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Fallout Factions: The Brotherhood of Steel - Culture

  • Member
    May 12, 2016

    You're welcome Borom :)

    And yeah, Phil! It reminds me a bit of how the Spartans would train their children vigorously at a young age. I don't see the Brotherhood killing any babies, but god damn. At least train your children to use a pistol before sending them out into live combat!

    It's odd, because they obviously want the children to learn how to fight, but instead of giving them a part to play in the combat situation, the children are to simply...observe? Never mind that they'd likely be cowering the entire time, but wouldn't it make sense to at least train and arm the children before putting them in the line of fire? At least that way they have a fighting chance. Otherwise it puts all the responsibility on the player and that's not good for anyone. Sure, Fallout children are immortal, but looking just beyond that mechanic, things become a little more baffling. 

  • Member
    May 13, 2016

    This Is... ah, you know the rest. Is there anything else in BoS culture which reminds you of Sparta?

    So to clarify the children just come along to watch? Is this indicative of the Brotherhood's "look at the size of my dick" thing they have going on? Like, they are so short of people to impress that they turn to kids and brainwash them early, creating a psychological superiority situation in the minds of these youths? I'm sure there is a better word for this, but the children probably end up idolising the Knights and Paladins, no? 

  • Member
    May 14, 2016

    I didn't realize how much I had written until I posted, so fair warning, you might want to get comfy, maybe bring some tea. 

    Is there anything else in BoS culture which reminds you of Sparta?

    Not off the top of my head. The only thing I really know about them is that their children were trained young, and trained vigorously. 

    I think you're right though, the children do end up idolizing Knights, Scribes, and Paladins, especially since as Initiates, they're slated for those positions. Maxson says it himself, in fact:

     Initiates train and learn to become knights or scribes [Source].

    And I think the reason Maxson left out Paladins is because:

    The ranks of the Paladins are reinforced through promoting veteran Knights of exceptional combat aptitude. It's generally impossible to become a Paladin any other way [Source].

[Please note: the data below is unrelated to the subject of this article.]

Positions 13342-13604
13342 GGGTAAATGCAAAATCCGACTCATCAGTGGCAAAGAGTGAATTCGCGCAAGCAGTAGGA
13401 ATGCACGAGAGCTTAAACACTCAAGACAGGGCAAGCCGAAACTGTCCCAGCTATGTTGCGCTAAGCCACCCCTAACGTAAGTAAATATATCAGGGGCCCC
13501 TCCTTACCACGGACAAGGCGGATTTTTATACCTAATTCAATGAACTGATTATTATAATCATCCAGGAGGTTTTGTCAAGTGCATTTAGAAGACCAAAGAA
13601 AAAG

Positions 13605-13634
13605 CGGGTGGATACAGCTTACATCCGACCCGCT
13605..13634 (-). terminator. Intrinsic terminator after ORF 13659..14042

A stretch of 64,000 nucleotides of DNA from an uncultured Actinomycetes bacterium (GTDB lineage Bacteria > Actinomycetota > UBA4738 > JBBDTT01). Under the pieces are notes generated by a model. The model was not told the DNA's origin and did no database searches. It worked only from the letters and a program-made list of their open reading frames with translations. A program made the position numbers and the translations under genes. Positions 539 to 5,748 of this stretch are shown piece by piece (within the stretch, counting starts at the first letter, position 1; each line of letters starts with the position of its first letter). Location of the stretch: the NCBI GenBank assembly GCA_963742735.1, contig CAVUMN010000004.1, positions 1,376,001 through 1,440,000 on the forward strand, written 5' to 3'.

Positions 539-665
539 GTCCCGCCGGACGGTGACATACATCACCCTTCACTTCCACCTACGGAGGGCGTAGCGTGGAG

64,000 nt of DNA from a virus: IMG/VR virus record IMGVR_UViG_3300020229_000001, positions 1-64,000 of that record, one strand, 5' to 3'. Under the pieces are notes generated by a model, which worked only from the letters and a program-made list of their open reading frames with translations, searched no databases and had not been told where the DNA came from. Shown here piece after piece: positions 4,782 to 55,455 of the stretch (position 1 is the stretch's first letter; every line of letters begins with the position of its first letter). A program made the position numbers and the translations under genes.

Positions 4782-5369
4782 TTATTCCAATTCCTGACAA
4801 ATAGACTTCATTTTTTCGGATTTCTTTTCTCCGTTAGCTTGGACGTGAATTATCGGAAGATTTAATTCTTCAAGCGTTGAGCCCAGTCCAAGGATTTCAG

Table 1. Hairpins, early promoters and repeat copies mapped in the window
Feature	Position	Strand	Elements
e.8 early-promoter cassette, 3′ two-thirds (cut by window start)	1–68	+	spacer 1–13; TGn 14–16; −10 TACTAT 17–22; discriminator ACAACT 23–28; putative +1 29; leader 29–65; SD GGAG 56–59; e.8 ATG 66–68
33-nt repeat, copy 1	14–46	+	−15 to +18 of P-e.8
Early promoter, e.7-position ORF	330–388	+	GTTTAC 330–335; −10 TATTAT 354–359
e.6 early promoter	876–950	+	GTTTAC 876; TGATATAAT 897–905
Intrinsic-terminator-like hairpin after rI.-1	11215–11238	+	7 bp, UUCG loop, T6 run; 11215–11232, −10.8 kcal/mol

So. Paladins are just hard things to be. The player of course gets a very quick promotion because...reasons? Sometimes it feels like the game trust-funds us players a bit by just handing us good shit. But anyway! Something interesting I came across is that training methods actually differ depending on which chapter of the Brotherhood you're talking about. 

    Loyalist chapters keep their initiates sheltered and train them until they become competent fighters.

    Rogue chapters may deploy their initiates in actual combat after they complete basic training (as is the case with Owyn Lyons' chapter and the Chicago renegades) [Source].

    As much is implied by Proctor Quinlan's terminal in FO4 where he describes Maxson's rise to the top of the Brotherhood. Maxson was raised (at least partially) by Sarah Lyon's rogue chapter in the Citadel and actually killed two raiders at age 12 while on a training patrol. Maxson saved his squad who was apparently just escorting him, but it was still referred to as a training exercise. 

    What's cool is that Maxson organized a treaty between the Brotherhood Outcasts of the Capital Wasteland when he was only 16, and refocused the Brotherhood to its old ways. 

    1. When Squire Maxson took over... well, I didn't like the changes he made to the Brotherhood. Some said it was a return to our ancient traditions. Maybe so [Source]

    2. The ideology of the Brotherhood was reformed, in a return to the roots for the Brotherhood of Steel in general.

    This would reasonably make them a Loyalist chapter, but Loyalist chapters are known to keep their initiates sheltered. So, I think we're left to assume that Maxson did make some small changes here and there, overall becoming more of a hardass and dick-waver. 

    And just something slightly off topic for fun, check out this final quote from Quinlan's writing:

    Arthur Maxson is happy to be one thing... the perfect human specimen, an example of everything a human being can achieve. Assisted, even enhanced, by advanced technology, but still very much human [Source].

    Is Quinlan referring to the technology that the Brotherhood possesses? Or maybe they're working on synth-like technology, similar to what was implanted in Kellogg. Assisted, enhanced, but still human. Makes ya think. 

  • Member
    May 19, 2016

    All very interesting, especially the trust fund. In TES there is a reason it all falls into your lap. Doom Driven and all. Yet in Fallout there is not as yet a deeper reason is there? How would it even work if there was one? 

    Just so we are on the same page, you are referring to F4 Maxson creating that treaty? Has that changed your perspective in any way? From my perspective they now appear deeper than what is presented. Like TES lore it appears one needs to dig to find the gold.

    That last is fascinating. How would the Brotherhood as a whole welcome such augmentation?

  • November 1, 2016

    Image result for Fallout 4 brotherhood of steel ranksHere is an image of the ranks that I found